The International Monitory Fund (IMF) has warned that non-economic factors, such as extreme weather events and upcoming elections in Mexico and Brazil, could derail economic recovery in Latin America and the Caribbean.
“Heightened economic risks externally—notably, a shift towards more protectionist policies and a sudden tightening of global financial conditions—could also weigh heavily on growth prospects,” stated the IMF in its economic forecast.
The IMF estimates that regional GDP growth will accelerate to 2.0% this year and 2.8% in 2019. Growth for 2017 is expected to come in at 1.3%, thanks mainly to a resurgent Brazil and Argentina.
Despite this rebound, investment levels are expected to remain below the levels seen in other regions, limiting the region’s growth potential.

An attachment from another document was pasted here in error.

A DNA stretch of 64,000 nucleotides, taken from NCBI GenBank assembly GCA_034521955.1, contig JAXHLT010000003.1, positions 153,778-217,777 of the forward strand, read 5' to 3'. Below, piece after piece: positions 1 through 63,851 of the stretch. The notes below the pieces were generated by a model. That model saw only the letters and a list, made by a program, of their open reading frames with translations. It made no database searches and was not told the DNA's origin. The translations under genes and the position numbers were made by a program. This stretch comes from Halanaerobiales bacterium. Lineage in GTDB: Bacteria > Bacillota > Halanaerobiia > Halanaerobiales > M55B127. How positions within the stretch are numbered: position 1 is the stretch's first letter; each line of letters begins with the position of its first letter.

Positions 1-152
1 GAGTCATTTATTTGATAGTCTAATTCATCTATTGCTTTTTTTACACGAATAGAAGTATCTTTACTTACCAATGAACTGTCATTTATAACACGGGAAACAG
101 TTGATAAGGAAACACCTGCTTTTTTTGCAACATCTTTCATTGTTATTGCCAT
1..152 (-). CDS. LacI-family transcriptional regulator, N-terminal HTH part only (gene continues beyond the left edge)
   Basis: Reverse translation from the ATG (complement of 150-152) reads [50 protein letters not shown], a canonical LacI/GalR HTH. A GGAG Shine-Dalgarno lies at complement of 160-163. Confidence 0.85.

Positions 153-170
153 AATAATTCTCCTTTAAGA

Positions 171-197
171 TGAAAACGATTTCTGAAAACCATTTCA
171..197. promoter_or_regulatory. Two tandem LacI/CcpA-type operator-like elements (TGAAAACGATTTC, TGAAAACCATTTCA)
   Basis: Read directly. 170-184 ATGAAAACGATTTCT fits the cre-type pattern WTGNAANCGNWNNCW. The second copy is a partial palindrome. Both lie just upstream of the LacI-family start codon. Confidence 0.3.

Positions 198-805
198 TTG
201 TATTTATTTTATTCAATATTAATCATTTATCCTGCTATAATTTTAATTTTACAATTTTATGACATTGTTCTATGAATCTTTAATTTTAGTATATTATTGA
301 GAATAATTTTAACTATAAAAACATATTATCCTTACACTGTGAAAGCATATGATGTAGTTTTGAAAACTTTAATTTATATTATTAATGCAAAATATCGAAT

To secure more durable growth, the bank has suggested investing more in key sectors, like infrastructure and education.
With Mexico’s presidential election looming, and the ongoing renegotiation of the North American Free Trade Agreement (NAFTA), business leaders have been forced to rethink their investment decisions in the country.
Furthermore, in Brazil, while the IMF expects growth of 2.3% in 2018, thanks to favourable external conditions and a rebound in private consumption and investment, it still predicts potential issues.
“A key risk is that the policy agenda could change following the October presidential election, giving rise to market volatility and greater uncertainty about the medium-term outlook.”